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South African Journal of Animal Science

On-line version ISSN 2221-4062
Print version ISSN 0375-1589

S. Afr. j. anim. sci. vol.43 n.3 Pretoria Jan. 2013

 

EDITORIAL

 

Special issue: A balanced perspective on animal production, from environment to human health

 

 

Why is it considered necessary to devote a whole issue of the South African Journal of Animal Science (SAJAS) to the topic: "A balanced perspective on animal production, from environment to human health"?

Many consumers in South Africa, as in other parts of the world, are concerned about the safety of the food they eat, the welfare of the animals involved in food production, and the effect of animal agriculture on the environment. Unfortunately, negative perceptions exist among the public, especially those who are not familiar with animal agriculture. These perceptions are fuelled by propaganda from groups that have adopted practices and tactics to convey messages that can only be described as activism.

The Council of the South African Society of Animal Science (SASAS) therefore approved the publication of this special issue, and an editorial committee was appointed, consisting of two eminent animal scientists who have been active in investigating aspects related to the central theme. They are Michiel Scholtz (convener) and Heinz Meissner, with the assistance of myself, Jannes van Ryssen, editor-in-chief of SAJAS. Other authors who are prominent in relevant disciplines have been approached to contribute, namely Judith Capper of Montana, USA, who is a prolific researcher and publisher in this field; Hettie Schönfeldt and her team of experts on human nutrition; Eddie Webb, an expert in animal physiology and the meat sciences, Jean and Tina Rust, who have investigated the effect of climate change on livestock production, and Linde du Toit, who, as part of his PhD studies, made an inventory of greenhouse gas (GHG) emissions for the various animal species in South Africa.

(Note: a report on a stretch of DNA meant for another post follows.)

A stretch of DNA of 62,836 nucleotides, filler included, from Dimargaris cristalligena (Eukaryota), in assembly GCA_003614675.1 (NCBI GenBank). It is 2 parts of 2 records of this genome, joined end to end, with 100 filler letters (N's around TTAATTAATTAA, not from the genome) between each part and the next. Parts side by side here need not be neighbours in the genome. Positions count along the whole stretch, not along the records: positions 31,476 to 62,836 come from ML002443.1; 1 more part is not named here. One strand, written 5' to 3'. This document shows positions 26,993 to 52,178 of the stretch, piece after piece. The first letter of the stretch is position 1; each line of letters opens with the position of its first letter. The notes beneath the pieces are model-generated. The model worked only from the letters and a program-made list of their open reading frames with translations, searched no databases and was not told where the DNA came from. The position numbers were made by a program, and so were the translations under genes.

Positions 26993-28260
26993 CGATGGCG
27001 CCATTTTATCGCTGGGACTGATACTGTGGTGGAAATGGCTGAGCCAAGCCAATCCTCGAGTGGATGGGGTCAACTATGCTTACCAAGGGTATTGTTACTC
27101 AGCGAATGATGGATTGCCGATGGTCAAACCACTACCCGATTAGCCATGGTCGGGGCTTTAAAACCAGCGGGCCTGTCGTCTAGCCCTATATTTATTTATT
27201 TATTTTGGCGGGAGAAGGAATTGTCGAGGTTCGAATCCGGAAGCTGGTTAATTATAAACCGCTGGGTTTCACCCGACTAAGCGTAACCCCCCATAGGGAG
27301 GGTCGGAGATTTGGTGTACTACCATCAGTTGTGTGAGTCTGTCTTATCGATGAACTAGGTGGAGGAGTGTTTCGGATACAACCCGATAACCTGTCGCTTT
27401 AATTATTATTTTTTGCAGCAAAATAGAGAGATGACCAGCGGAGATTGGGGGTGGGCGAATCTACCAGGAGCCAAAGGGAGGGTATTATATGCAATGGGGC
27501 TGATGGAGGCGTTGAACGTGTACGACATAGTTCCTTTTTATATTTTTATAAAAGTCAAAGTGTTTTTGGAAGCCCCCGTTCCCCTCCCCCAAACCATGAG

The objective of this publication is to supply scientifically based evidence about various aspects of livestock production. Misconceptions about animal products and livestock production systems are addressed. Furthermore, the importance of the livestock sector to the country in terms of food security and its economic contribution is covered, as well as the challenges facing the industry, such as global warming.

The public must be assured that the food they eat is healthy and was not produced under conditions where the animals were ill treated. Food safety and food security are worldwide concerns and international organizations such as the Codex Alimentarius Commission, the USA Food and Drug Administration (FDA), and the European Food Safety Authority (EFSA) are guiding, protecting and policing the production and international trading of food and feed. In South Africa numerous acts, regulations and codes of conduct are in place to protect the consumer, the producer, the animal, the feed manufacturer, the environment and the registration of pharmaceutical products used in the livestock industry. These measures are based on scientific evidence and not on emotional responses of people to what they regard as acceptable or not.